Following a prolonged and arduous battle with regulators over claims of malfunctioning touchscreen systems in older cars, Tesla has issued a recall of almost 135,000 Model S and Model X electric vehicles in the US.
The recall only applies to cars produced before March 2018 that are equipped with an 8GB embedded MultiMediaCard (eMMC) that ‘may experience a malfunction due to accumulated wear’.
Incredibly, Tesla’s legal vice president suggests that the touchscreen ‘component’ in the older vehicles only had an ‘expected life of five to six years’ and was never designed to match the lifespan of the cars themselves, despite the vehicles costing in excess of £50,000.
Tesla UK has launched a VIN (Vehicle Identification Number) recall checker for owners in Britain to find out if their vehicle is due to be called back.
Recalled: Tesla has issued a recall of 135,000 Model S and Model X electric cars in the US after receiving a formal recall request from regulators. Vehicles in the UK will also be called back to rectify an issue with infotainment screens in cars produced before 2018
The recall is for Tesla Model S saloons built between 2012 and 2018 and Model X SUVs produced from 2016 to 2018.
Only those with the 8GB media card in the infotainment system are impacted.
Having initially raised the issue with the car maker in June after receiving a string of complaints from US owners, the National Highway Traffic Safety Administration (NHTSA) sent Tesla a formal recall request last month.
According to a letter published on NHTSA’s website on Tuesday, Tesla agreed to the recall, saying it wanted to bring ‘administrative closure to the investigation’ and ‘ensure the best ownership experience for our customers’.
NHTSA had found that the media cards in first-generation tablet-size touchscreens can fail, prompting the display to go blank and therefore poses a significant safety issue for drivers.
Not only does it result in the loss of the rear-view and back-up camera images but also exterior indicators and the inability to adjust the windscreen’s demisting and defrosting systems, which can ‘decrease the driver´s visibility in inclement weather’, the regulator said.
Cars fitted with the first-generation infotainment systems, which use a small 8GB memory, can malfunction. This turns the screen black and prevents the use of rear-view cameras, indicators and the windscreen demister functionality
The problem lies with the small 8GB memory device in the early infotainment system, which is rated for 3,000 program-erase cycles before wearing out – after which it can become corrupted and restricts functionality.
Tesla argued that 3,000 cycles is the ‘industry standard’ but also suggested it has always been aware that the media cards powering the touchscreens in earlier models would not last the full life span of the vehicles, despite the cars costing more than £50,000 in the UK when new.
In an email from Al Prescott, vice president of legal at Tesla, to the Office of Defects Investigation at the US Department of Transportation, he said: ‘While the wear rate is heavily influenced by the active use of the center display system, even more so when the vehicle is in drive or charging, given a reasonable average daily use of 1.4 cycles, the expected life would be five to six years.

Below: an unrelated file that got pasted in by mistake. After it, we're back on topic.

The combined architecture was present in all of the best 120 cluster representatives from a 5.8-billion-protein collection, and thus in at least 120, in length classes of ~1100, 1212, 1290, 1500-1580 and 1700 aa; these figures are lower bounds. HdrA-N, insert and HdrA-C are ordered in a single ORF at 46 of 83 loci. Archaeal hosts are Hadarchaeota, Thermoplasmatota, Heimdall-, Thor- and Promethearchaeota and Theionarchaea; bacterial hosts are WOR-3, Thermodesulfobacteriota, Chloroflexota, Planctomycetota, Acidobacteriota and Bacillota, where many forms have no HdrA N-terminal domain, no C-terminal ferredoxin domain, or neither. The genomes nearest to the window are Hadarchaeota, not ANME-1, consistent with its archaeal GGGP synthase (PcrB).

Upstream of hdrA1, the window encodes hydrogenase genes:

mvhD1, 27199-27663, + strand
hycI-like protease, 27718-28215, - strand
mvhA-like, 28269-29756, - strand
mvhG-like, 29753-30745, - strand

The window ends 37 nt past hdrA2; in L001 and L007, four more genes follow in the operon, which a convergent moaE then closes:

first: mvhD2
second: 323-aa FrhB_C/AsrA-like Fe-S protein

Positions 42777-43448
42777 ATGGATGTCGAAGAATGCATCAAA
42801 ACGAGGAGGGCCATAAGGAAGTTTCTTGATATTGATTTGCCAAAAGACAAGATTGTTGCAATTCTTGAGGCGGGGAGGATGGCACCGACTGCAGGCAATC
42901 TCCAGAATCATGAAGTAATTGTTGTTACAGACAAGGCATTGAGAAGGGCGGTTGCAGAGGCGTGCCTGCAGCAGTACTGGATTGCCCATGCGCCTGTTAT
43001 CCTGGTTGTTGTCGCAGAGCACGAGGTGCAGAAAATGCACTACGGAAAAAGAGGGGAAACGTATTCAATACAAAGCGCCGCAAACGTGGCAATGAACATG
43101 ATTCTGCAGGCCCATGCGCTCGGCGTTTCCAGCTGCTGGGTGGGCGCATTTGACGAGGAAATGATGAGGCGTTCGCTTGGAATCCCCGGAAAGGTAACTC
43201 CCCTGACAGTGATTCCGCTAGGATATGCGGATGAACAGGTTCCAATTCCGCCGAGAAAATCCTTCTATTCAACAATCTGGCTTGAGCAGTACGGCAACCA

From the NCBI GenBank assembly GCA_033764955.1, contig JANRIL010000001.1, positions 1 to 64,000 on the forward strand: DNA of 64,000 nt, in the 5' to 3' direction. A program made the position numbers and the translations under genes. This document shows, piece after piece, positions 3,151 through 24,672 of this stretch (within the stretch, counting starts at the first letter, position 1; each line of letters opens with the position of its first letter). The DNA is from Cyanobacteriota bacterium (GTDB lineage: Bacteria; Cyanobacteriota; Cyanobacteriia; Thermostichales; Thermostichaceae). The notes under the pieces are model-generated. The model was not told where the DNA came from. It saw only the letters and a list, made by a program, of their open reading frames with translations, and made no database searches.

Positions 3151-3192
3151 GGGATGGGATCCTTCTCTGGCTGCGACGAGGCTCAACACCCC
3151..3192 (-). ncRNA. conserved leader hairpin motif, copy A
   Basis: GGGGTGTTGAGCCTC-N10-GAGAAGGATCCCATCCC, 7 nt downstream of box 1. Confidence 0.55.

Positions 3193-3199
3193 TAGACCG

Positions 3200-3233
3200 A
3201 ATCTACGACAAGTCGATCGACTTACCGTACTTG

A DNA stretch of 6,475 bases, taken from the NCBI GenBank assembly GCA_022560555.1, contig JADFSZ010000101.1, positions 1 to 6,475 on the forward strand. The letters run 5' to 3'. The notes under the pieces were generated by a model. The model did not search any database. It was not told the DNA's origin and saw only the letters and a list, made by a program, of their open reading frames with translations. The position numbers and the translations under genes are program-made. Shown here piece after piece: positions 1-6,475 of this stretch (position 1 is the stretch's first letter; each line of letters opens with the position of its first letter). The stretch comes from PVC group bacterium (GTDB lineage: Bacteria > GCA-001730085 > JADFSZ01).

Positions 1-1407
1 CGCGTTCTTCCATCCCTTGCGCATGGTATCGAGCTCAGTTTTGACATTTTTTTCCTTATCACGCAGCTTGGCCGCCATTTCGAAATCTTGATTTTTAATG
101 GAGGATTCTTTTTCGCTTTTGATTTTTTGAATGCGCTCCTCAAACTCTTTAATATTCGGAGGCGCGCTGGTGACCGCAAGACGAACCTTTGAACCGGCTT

‘NHTSA has not presented any evidence to suggest that this expected life is outside industry norms or that the eMMC flash memory device itself does not comport with that average lifetime estimate.’
It means the lifespan of the touchscreen components is up to three years shorter than the eight-year warranty period for the batteries powering Tesla electric cars.
Mr Prescott later added: ‘It is economically, if not technologically, infeasible to expect that such components can or should be designed to last the vehicle’s entire useful life.’
In an email to the Department for Transportation in the US, Tesla’s legal vice president said the component powering the touchscreen in older cars was only designed to last for 5 to 6 years
It means the 8GB media cards in the infotainment systems of the cars have a lifespan of up to three years less than the warranties on Tesla batteries – and far less than the expected life-cycle of the vehicles themselves
Are Tesla cars in the UK being recalled too?
UK-registered Model S and Model X Teslas built before 2018 and fitted with the smaller media card will be recalled.
This is Money has contacted Tesla UK, which has no further comment other than to link to a page on its website providing instructions to owners of cars impacted by the call back.
We have also requested information about the number of UK vehicles it believes are impacted.
The web page states: ‘Tesla has decided to voluntarily and proactively recall some Model S and Model X vehicles to update software and to replace the 8GB embedded MultiMediaCard (eMMC) in the media control unit (MCU).
‘This recall applies only to Model S and Model X vehicles built before March 2018 that are equipped with an 8GB embedded MultiMediaCard (eMMC) in the MCU that may experience a malfunction due to accumulated wear.
‘Model S and Model X vehicles built on or after March 2018 are not equipped with the 8GB eMMC and are not affected by this recall.’
Detailing what the recall for affected cars will entail, it added: ‘The first part of the remedy is to ensure that customers install software release 2020.48.12 or a newer release to address all potential safety concerns.
‘The second part of the remedy is to proactively upgrade, free of charge, the available memory storage on your vehicle from 8GB to 64GB.’
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